5. Sedentary lifestyle
Technology rules the world, so it’s no surprise that the number of adults working sedentary jobs has increased significantly since the 1970s. There are thousands of jobs available that can be done right from the comfort of your home. As awesome as that sounds, it can leave us all vulnerable to a chronic case of laziness and declined energy. People who frequently sit, lay down and don’t exercise fall under the “sedentary” zone.
If you’re living a “exercise can wait” lifestyle, it will affect your energy levels. Over the past 20 years, the total amount of sedentary screen time, such as using computers, watching television and playing video games, has increased drastically. To put things into perspective, adults are spending 70 percent or more of their waking hours sitting! Scientists believe people are enjoying over four hours of on-screen entertainment per day and venturing outdoors less frequently.
Doctors recommend exercising several times a week. If you’re tired, studies show engaging in at least 150 minutes per week of moderate-to-vigorous activity can increase energy levels and prevent and manage multiple chronic conditions, including cardiovascular disease, type 2 diabetes, obesity and some cancers. If the thought of 150 minutes of exercising paralyzes you with fear, consider this: if you break that down, it equates to just 30 minutes of exercise five days a week!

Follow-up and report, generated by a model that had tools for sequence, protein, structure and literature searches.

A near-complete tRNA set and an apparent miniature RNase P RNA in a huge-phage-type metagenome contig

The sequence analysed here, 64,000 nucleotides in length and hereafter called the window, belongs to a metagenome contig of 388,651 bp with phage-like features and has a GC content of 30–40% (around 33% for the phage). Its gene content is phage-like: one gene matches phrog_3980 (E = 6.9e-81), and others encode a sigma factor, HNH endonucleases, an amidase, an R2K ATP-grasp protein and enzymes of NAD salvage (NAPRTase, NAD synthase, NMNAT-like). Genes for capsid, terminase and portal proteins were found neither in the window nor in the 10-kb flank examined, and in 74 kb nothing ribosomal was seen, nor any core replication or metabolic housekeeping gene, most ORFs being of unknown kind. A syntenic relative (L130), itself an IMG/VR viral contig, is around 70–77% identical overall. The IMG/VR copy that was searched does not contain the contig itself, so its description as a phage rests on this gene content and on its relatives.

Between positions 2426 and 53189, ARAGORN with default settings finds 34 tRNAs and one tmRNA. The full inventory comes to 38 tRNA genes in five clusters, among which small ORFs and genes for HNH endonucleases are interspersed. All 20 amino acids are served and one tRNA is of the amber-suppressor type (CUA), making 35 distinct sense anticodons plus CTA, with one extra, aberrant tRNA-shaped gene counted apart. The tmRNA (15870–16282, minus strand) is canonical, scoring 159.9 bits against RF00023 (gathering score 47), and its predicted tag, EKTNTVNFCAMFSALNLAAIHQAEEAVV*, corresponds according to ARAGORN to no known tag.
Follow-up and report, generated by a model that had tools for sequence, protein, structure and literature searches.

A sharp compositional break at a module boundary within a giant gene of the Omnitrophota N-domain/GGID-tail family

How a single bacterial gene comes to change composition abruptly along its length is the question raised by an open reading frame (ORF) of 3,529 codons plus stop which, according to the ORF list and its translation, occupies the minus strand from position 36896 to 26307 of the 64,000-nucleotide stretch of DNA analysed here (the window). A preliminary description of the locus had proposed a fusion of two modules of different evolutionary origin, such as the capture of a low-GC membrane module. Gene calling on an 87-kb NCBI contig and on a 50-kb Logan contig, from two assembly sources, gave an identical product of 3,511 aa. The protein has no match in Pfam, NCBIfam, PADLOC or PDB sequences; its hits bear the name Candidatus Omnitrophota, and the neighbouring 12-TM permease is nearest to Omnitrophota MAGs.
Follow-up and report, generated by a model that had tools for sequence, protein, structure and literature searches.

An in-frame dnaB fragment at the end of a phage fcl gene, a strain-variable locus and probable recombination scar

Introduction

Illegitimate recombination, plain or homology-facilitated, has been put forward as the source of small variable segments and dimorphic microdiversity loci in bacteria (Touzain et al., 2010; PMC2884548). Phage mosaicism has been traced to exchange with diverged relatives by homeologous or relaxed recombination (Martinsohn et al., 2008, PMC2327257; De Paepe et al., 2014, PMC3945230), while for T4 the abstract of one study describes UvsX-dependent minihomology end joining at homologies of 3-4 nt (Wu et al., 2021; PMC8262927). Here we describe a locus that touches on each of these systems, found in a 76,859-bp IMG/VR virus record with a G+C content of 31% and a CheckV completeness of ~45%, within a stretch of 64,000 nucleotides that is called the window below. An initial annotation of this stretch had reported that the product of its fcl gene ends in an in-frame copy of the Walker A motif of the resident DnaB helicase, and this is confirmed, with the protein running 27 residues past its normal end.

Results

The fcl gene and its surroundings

Feeling tired frequently can put a real damper on life, but recognizing the cause of fatigue is the first step to improving your energy. Drink more water, increase your intake of vegetables and fruits, and exercise to significantly spike energy levels within the body. What way have you combatted fatigue? Share your comments below!
— Laura Jazmin Tolliver